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Broadside ballad entitled 'The Teetotal Mill'



Teetotal Mill.

Two jolly old Topers once sat at an inn,
Discussing the merits of Brandy and Gin ;
Said one to the other. I'll tell you what Bill,
I've been hearing to-day, of the Teetotal Mill,

You must know that this comical mill has been built,
Of old broken casks, when the liquor's been spilt;
You go up some steps, and when at the door still,
You've a paper to sign at the Teetotal Mill,

You promise by signing this paper I think,
That ale, wine, and spirits, you never will drink ;
You'll give up, as they call it, such rascally swill,
And then you go into the Teetotal Mill.

There's a wheel in the mill they call self-denial,
They turn it a bit, just to give you a trial ;
Old clothes are made new ones and if you've been ill,
You're very soon cured in the Teetotal Mill.

Bill listened and wondered, at length he cried out,?
Why Tom, if its true what your telling about;
What fools we must he, to bo here sitting still,
Let us go and look in at the Teetotal Mill.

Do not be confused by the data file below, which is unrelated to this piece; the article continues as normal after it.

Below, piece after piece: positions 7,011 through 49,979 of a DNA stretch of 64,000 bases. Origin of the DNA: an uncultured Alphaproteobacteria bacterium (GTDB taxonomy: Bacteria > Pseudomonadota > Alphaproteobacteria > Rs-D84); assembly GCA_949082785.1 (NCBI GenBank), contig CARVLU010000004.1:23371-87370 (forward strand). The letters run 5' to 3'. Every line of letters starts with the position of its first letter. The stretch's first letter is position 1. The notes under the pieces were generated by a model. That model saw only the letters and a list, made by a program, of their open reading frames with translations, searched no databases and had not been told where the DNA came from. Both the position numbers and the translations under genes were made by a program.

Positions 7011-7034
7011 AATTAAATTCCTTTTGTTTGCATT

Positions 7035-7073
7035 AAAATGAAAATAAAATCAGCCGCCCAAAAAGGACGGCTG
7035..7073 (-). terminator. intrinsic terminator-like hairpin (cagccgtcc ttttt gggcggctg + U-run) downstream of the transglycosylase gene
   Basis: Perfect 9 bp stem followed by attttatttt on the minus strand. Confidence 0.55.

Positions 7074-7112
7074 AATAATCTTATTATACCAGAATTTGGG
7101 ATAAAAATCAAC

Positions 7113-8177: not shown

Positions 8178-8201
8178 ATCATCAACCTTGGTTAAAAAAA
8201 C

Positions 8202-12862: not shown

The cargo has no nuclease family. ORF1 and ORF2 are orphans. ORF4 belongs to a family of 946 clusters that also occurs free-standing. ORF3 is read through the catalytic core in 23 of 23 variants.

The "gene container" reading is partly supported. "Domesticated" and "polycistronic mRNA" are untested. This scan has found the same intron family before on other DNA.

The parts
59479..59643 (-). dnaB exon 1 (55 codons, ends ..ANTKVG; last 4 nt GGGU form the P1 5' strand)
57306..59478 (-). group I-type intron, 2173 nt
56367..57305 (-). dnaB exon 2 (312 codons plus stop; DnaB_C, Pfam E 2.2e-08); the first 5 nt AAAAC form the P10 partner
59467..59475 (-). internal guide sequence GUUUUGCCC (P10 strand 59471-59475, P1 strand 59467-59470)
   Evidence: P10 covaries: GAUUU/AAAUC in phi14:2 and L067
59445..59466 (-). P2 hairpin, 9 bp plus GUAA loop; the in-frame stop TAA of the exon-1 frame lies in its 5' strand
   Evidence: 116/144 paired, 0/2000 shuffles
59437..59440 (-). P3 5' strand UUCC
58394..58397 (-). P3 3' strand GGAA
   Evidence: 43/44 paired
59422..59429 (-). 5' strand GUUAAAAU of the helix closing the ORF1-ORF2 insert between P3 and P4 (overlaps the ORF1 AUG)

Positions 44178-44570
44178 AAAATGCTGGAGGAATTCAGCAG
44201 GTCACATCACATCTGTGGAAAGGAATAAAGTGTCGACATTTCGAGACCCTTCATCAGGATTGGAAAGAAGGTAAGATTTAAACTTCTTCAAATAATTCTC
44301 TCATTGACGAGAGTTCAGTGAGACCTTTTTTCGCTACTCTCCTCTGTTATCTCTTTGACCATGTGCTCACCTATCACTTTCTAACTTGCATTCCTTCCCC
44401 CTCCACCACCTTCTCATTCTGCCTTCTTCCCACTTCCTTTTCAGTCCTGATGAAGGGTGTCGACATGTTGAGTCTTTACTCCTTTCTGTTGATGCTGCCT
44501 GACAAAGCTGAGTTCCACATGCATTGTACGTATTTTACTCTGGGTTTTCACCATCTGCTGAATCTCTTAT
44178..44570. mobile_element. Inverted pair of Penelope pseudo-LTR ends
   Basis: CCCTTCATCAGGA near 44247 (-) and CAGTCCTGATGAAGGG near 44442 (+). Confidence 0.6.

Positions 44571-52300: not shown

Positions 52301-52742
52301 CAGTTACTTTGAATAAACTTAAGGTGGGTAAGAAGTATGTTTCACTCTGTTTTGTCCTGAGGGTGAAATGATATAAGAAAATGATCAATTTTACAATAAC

They gazed with astonishment,?there came a man,
With disease and excesses his visage was wan ;
He mounted the steps--signed the pledge with good will
And went for a turn on the Teetotal Mill.   

He quickly came out the picture of health,
And walked briskly on in the highway of wealth ;
And as onward he pressed, ho shouted out still,
Success to the wheel in the Teetotal Mill.

The next that went in Was a man and his wife,
For many long years they'd boon living in strife ;
He had beat and abused and swore he would kill,
But his heart took a turn in the Teetetal Mill.

And when he came out, oh ! how altered was ho,
His conduct was changed, and how happy was she !
They no more contended, ''no, you shan't! "yes I will I'
But they are blessing together the Teetotal Mill,

There next came a fellow as grim as a Turk,
To curse and swear seemed his principal work ;
He swore that that morning his skin he would fill,
And drunk as he was, he recled into the mill,

And what he saw there, sure I never could tell.
But his conduct was changed and his language as well;
I saw when he turned round the brow of the hill,
That he knelt and thanked God for the Teetotal Mill.

The poor was made rich, the weak were made strong,
The shot was made short, and the purse was made long ;
These miracles puzzled both Thomas and Bill,
At length they went in for a turn at the mill.

A little time after I heard a great shout,
I turned round to see what the noise was about;
And a crowd, amongst which were both Thomas and Bill.
Who were shouting, "hurrah ! for the Teetotal Mill!"

Printed by R. M'Intosh, 96 King St. Calton.

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Probable date published: 1849   shelfmark: L.C.Fol.178.A.2(016)
Broadside ballad entitled 'The Teetotal Mill'
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